11:33 am: Science affected by the war
In addition to the mission of ExoMars, the icon of space cooperation and science without borders, many scientific projects have been put on hold due to the war in Ukraine. Two years of work has changed for Boris, an American researcher of Russian descent who founded the Center for Cognitive Sciences in Moscow with the support of the “Higher School of Economics”. The program has not officially stopped, in fact “everything is blocked” because PhD students in Russia can no longer fund their work due to banking restrictions.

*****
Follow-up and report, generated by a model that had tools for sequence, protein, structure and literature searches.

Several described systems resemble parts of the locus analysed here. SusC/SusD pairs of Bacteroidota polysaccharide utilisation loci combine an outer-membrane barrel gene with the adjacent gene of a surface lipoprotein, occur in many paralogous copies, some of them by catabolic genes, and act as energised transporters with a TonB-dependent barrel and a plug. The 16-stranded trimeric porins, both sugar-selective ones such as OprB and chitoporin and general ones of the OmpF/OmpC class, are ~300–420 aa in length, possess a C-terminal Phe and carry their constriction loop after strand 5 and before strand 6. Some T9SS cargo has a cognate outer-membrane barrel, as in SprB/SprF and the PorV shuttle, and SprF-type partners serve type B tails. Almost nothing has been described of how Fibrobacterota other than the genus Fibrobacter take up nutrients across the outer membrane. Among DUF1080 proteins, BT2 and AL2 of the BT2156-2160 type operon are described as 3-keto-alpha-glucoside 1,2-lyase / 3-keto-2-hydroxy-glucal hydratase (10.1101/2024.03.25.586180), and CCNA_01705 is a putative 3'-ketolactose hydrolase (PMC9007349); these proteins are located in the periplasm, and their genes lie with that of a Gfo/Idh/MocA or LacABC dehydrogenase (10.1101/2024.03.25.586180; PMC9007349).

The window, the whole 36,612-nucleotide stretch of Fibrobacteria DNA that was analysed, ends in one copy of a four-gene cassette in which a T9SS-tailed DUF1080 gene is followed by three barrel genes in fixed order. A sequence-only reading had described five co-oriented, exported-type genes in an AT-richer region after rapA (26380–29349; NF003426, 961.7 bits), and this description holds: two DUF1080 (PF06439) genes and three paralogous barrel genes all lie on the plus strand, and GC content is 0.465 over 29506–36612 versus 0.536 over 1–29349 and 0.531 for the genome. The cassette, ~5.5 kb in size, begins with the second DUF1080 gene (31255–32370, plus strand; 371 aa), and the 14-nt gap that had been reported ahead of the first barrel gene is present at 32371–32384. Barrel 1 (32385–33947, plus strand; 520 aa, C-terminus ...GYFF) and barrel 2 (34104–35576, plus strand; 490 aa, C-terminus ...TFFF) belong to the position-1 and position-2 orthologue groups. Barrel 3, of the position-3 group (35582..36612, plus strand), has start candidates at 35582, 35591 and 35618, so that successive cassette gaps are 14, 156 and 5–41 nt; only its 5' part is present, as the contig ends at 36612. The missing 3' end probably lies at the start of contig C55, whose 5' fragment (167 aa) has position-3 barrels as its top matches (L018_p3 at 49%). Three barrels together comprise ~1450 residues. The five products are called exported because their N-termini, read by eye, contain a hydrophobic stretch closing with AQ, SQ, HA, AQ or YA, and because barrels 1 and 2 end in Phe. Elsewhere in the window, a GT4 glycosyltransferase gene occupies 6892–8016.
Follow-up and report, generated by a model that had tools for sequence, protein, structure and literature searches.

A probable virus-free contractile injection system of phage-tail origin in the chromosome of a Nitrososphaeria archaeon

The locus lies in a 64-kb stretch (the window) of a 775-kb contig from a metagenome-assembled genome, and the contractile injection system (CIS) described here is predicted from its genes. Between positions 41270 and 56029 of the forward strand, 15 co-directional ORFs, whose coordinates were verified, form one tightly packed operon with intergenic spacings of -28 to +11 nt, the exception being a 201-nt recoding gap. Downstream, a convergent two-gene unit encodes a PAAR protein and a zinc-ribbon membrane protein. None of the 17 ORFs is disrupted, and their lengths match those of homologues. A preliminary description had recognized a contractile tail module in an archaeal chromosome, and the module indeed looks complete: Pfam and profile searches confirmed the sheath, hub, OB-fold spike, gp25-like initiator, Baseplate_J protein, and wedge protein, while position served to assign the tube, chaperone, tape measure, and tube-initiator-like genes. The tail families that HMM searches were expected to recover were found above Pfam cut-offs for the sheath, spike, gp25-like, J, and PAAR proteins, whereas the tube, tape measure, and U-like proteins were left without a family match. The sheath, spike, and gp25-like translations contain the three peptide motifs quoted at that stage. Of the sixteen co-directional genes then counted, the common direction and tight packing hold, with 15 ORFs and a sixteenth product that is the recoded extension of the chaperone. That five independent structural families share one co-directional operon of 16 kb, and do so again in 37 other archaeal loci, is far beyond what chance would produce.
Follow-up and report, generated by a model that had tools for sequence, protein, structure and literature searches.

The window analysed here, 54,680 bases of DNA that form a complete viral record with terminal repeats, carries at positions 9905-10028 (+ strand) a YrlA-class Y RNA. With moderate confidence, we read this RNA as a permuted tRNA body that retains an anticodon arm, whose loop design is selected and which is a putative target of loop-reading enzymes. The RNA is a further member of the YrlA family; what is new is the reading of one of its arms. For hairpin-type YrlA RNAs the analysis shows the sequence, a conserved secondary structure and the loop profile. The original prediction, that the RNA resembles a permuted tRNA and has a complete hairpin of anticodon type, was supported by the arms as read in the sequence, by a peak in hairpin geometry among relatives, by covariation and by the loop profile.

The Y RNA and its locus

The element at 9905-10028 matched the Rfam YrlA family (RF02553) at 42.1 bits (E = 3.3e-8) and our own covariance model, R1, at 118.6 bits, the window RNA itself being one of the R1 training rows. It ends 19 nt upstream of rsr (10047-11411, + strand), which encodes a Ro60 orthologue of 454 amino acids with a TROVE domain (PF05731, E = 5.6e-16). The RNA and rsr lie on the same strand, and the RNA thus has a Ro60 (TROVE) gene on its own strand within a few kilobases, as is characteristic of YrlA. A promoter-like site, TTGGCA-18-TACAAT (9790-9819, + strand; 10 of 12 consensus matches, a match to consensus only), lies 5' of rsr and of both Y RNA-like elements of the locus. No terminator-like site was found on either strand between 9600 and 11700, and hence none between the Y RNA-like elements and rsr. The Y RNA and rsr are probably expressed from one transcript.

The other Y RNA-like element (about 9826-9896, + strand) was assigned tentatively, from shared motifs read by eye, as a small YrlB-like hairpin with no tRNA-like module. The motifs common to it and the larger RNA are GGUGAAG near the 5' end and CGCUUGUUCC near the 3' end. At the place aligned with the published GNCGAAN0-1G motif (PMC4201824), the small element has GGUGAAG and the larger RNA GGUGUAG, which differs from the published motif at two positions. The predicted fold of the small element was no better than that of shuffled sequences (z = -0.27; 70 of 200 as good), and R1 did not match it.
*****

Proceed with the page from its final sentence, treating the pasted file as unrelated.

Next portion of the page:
Others fled to Armenia or Turkey, threatening to be arrested for protesting. “We talk to each other every day via Skype or Zoom … but we’re lost, the war is over us,” he says confidently, this fifty-year-old who left the Soviet Union after the invasion of Afghanistan in the 1980s. “For students who did not experience the Soviet era, living in a country isolated from the world was unimaginable. They were actually Europeans.” In early March, 7,000 scientists working in Russia signed a petition against the war, particularly fearing that science would be abandoned because of isolation.
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